Operators of websites and those engaging in e-commerce are potentially promoting goods and services to, and conducting business with, businesses and consumers in many countries and territories around the world. Laws and procedures vary from country to country around the world and therefore business activity that is lawful in one place might expose operators of websites to civil or criminal liabilities elsewhere. Different decisions in different countries give some guidance as to how the courts are dealing with these issues, but no common trends are emerging.

One of the earliest cases illustrating the dangers of operating a website is that of Virgin Atlantic in 1996. Here an advertisement on the United Kingdom site for low cost flights to New York contained outdated information. Someone in the United States relied on the information to their detriment and this was held to be in breach of US advertising law.

In the 1999 US case of People v. World Interactive Gaming Corporation the court found a New York corporation (and its directors) to be in breach of New York gaming laws notwithstanding the fact that the site was operated by an Antiguan corporation from Antigua. The facts are as follows. Golden Chips Casino Inc ("GCC") is an Antiguan corporation licensed to operate a land based casino in Antigua. GCC is a wholly owned subsidiary of World Interactive Gaming Corporation ("WIGC"). Although GCC operated the site from servers based in Antigua, WIGC was said to be the alter ego of GCC. WIGC assisted the set up of the site in Antigua and, significantly, promoted the site in New York. The case is a significant warning to offshore gaming sites that they may well breach laws in countries to which the sites are directed.

In the UK case of Victor Chandler International v. Customs & Excise earlier this year the Court of Appeal reached a similar result, although based on somewhat different facts. In this case Victor Chandler, based in Gibraltar, circulated in the United Kingdom electronic messages promoting gambling. The advertisements were not transmitted over the Internet but were instead sent by means of the "Teletext" system which operates on UK televisions. The messages were sent from servers in Gibraltar to Teletext's central editing system in the UK. Teletext then distributed the advertisements to its databases for access by Teletext's users. The issue was whether the process by which the data was sent by Victor Chandler to computers in the UK and made available for viewing on UK monitors amounted to the "issue, circulation or distribution in the United Kingdom of advertisements or other documents inviting or otherwise relating to the making of bets& " in breach of section 9 of the Betting and Gaming Duties Act 1981. The court found that the preparation of electronic messages outside the UK and causing them to be sent by telecommunication to the UK can constitute the doing of an act "in" the UK and can therefore be in breach of the Act.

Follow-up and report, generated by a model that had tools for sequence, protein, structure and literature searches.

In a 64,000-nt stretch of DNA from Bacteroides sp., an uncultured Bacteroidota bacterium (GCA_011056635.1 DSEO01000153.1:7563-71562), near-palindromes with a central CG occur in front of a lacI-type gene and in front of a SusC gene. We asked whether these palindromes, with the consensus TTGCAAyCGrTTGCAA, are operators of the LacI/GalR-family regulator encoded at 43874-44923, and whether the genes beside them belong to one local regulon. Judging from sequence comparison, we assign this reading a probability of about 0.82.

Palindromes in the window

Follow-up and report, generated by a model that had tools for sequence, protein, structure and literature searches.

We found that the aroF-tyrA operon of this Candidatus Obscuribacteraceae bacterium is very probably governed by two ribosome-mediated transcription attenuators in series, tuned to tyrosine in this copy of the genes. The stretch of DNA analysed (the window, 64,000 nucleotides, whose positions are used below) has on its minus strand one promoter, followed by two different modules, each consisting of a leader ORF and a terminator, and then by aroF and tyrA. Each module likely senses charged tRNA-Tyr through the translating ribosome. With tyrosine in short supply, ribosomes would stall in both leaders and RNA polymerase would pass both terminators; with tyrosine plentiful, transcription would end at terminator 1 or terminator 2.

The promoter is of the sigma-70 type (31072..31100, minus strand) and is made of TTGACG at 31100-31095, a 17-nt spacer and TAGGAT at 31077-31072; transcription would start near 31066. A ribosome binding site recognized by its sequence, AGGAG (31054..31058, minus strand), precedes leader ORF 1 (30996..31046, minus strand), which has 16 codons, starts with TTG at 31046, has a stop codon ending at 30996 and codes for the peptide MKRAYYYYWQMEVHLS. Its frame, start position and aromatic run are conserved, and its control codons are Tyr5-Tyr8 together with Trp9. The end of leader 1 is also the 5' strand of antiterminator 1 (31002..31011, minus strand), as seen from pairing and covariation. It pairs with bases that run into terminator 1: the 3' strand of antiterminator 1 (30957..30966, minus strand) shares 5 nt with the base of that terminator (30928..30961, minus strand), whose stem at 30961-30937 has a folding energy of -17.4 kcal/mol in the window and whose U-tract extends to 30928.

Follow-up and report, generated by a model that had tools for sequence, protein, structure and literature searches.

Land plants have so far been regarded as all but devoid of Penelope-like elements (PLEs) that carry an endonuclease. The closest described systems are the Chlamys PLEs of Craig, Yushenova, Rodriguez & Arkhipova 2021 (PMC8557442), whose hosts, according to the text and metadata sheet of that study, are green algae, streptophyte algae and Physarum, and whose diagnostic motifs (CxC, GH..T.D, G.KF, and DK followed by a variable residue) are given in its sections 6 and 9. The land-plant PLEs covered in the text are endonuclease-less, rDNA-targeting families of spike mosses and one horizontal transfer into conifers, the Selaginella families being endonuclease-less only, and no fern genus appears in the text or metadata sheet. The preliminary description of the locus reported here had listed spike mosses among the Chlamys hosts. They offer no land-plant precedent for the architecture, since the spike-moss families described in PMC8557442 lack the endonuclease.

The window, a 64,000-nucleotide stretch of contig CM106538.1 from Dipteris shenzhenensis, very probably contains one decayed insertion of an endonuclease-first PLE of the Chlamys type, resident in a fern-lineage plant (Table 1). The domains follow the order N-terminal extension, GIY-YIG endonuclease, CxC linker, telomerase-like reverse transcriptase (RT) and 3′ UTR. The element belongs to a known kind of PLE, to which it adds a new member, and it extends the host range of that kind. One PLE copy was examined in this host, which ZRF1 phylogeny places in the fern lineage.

In contrast to these decisions, in the case of Euromarket Designs Incorporated v. Peters the use of trade marks outside the United Kingdom was found not to be use in the United Kingdom notwithstanding the fact that the website in question could be accessed from the United Kingdom.

The recent ruling in this case was an interim ruling ahead of any trial on an application by the claimant for summary judgement. The claimant operated a chain of stores in the United States under the name "Crate & Barrel". It sold a wide variety of household goods and furniture and had a registered trade mark in the United Kingdom. The defendants ran a shop in Ireland also called "Crate & Barrel". The defendants did not have any business operating in the United Kingdom but did have a website promoting its shop in Dublin. The claimant alleged that the use of the trade mark "Crate & Barrel"on the website infringed the United Kingdom trade mark.

The judge did not feel capable of fully resolving the issue in the context of an application for a summary judgement, but he did make some interesting comments. The judge considered that given the website address, www.crateandbarrel-ie.com and that the home page made it clear that the site related to a real world shop, users would realise that the shop was promoting a shop in Ireland.

The judge agreed with an analogy put forward by the defendants that the Internet is really no more than a telescope allowing users to peer into the shop in Dublin from the United Kingdom. The website does not amount to a shop front in the United Kingdom.

The only real trend that can be ascertained from these and other cases is that there is no global trend emerging. Each case seems to revolve on its particular facts. All the cases do its highlight the needs to consider carefully all markets in which any particular site is likely to be access to guard against for and file of a civil and criminal laws.

First published in E-lawasi@ in November 2000.